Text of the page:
Altruism in Science is at its zenith today. Scientists, with their innovative techniques, out of the box thinking and exciting discoveries are striving to make the world a better place. Nowhere is this sentiment more apparent than in the world of teenaged science prodigies. Driven by a burning passion to make a difference to the world at large, these teen scientists are increasingly making their presence felt on the global science forum.
One such teen scientist to have generated a considerable buzz in science circles is Indian-American student Indrani Das. The seventeen year old Indrani has discovered a way to stem the death of brain cells in the aftermath of brain injury or due to debilitating brain diseases such as Parkinson’s, Alzheimer’s and other major issues that affect brain cognition. Her discovery spells hope for the millions of elderly people affected by degenerative brain conditions or people who undergo brain trauma from injury.
Indrani’s brain research has won her the oldest and most prestigious science and math high school competition in the US- the Regeneron Science Talent Search award for high school students. Indrani has bagged the top prize- a whopping $250,000, to be put to good use in furthering her research.
The Science Talent Search Award is fondly called the ‘Junior Nobel Prize’ and not without reason- twelve previous winners have gone on to win the Nobel Prize! Westinghouse was the original sponsor since 1942, Intel took it up from 1998 till last year and then Regeneron took over sponsorship.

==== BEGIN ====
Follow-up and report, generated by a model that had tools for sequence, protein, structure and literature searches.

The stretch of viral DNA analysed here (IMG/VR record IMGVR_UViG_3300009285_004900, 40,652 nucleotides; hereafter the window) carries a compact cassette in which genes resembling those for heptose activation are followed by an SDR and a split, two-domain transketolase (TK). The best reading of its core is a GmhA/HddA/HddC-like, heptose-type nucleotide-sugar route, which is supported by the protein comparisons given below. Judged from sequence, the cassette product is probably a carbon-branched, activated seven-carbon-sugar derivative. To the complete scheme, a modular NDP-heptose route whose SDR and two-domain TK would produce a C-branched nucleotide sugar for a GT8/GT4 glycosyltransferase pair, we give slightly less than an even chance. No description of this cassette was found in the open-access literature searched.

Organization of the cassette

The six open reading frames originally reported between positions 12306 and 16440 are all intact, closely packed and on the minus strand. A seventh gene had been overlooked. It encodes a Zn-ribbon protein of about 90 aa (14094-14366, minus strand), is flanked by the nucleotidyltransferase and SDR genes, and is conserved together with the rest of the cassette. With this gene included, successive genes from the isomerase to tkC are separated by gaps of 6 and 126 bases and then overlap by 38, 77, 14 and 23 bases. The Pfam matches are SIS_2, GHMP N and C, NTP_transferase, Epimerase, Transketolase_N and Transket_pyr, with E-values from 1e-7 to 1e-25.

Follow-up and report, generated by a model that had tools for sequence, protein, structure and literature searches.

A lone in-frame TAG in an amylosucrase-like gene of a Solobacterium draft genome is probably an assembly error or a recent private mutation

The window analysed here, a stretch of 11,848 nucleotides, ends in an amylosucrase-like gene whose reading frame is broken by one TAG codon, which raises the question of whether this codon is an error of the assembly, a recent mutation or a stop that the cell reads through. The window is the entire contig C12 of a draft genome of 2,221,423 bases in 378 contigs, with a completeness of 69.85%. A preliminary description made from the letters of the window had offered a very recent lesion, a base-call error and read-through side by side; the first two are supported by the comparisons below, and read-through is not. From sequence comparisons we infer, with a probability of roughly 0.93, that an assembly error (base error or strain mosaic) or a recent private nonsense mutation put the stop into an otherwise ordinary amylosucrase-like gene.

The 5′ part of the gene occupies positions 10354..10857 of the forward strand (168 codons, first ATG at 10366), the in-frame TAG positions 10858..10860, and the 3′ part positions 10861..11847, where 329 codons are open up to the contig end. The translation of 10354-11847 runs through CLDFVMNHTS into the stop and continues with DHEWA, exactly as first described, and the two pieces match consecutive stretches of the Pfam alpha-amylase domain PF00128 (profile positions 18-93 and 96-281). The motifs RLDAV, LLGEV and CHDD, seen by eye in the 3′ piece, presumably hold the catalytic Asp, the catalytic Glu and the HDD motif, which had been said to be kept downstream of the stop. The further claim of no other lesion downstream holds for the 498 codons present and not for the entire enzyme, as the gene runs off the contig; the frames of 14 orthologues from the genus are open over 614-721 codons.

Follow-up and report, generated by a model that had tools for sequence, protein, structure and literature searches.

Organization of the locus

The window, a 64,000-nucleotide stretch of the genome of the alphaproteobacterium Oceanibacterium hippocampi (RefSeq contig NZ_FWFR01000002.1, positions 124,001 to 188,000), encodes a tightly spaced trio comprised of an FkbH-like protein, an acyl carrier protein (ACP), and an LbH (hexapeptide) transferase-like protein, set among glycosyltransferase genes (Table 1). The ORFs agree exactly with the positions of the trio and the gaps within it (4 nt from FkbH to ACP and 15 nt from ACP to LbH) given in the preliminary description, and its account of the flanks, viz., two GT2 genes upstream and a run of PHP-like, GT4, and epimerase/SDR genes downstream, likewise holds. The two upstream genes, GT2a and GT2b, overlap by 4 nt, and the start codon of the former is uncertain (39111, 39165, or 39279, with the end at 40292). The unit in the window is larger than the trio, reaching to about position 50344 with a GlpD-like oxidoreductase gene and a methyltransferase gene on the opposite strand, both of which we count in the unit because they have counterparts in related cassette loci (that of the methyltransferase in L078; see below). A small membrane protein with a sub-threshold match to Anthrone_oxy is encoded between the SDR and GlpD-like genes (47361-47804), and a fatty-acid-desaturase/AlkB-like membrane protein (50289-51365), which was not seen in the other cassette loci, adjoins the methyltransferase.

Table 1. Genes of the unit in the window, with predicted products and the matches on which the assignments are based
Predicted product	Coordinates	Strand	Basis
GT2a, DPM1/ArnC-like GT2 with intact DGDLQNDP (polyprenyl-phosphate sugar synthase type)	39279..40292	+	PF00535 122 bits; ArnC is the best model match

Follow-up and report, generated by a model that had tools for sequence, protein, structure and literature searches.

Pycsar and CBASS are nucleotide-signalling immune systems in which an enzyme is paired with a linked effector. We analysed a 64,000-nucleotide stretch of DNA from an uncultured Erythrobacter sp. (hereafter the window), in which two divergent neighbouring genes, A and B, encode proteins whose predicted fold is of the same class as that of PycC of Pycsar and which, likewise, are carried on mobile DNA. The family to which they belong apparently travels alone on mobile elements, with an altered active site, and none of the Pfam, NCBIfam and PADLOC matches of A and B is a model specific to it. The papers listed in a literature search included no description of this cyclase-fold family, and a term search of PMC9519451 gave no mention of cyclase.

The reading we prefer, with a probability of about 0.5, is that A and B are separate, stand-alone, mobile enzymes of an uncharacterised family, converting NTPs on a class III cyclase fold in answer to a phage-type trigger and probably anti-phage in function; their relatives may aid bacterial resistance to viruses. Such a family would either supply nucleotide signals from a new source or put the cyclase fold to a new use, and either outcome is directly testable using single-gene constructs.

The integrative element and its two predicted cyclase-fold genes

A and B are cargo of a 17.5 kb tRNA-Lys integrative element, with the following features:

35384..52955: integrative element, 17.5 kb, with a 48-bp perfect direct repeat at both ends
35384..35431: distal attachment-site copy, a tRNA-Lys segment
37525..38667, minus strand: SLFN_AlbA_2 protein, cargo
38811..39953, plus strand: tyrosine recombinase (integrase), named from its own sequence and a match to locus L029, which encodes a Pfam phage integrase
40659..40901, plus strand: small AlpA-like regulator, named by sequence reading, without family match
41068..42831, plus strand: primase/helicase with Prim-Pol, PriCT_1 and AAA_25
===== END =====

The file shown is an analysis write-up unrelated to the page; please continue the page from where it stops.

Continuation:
The research works on the premise that when Alzheimer’s, Parkinson’s, stroke or a traumatic injury affects the brain, the neurons- the building blocks of the brain- suffer severe shock. A condition called astrogliosis sets in wherein cells called astrocytes, whose actual job is to support, protect and nurture the neurons, react to injury or disease and start behaving weirdly.
These astrocytes grow, divide and proliferate to such an extent that it creates an excess of these cells in the brain. At the same time, they reduce their uptake of Glutamate- a nutrient vital to brain health. Excess of astrocytes is toxic to the neurons, which ultimately causes death of the neurons. Continuous neuron death results in impaired brain functioning, motor abilities and so on.
“My work concentrates on getting these supporting cells to behave correctly,” says Indrani. “I found one way it can be made better, essentially by increasing one protein at the membrane of these supporting cells.”
“It pushes these supporting cells with treatment to create a chemical environment that is safer and cleaner for neurons to grow in”, she said.
Working on a laboratory model, Indrani proved that exosomes isolated from astrocytes and then transfected with microRNA-124a improved astrocyte uptake of glutamate and increased neuron survival.
Her school is equipped with a cell culture facility for her research.
Indrani, who is in the final year of high school at the Academy for Medical Science Technology in Hackensack, plans to use the prize money to up the level of her research, going on to research on lab rats and taking her discovery to its logical conclusion.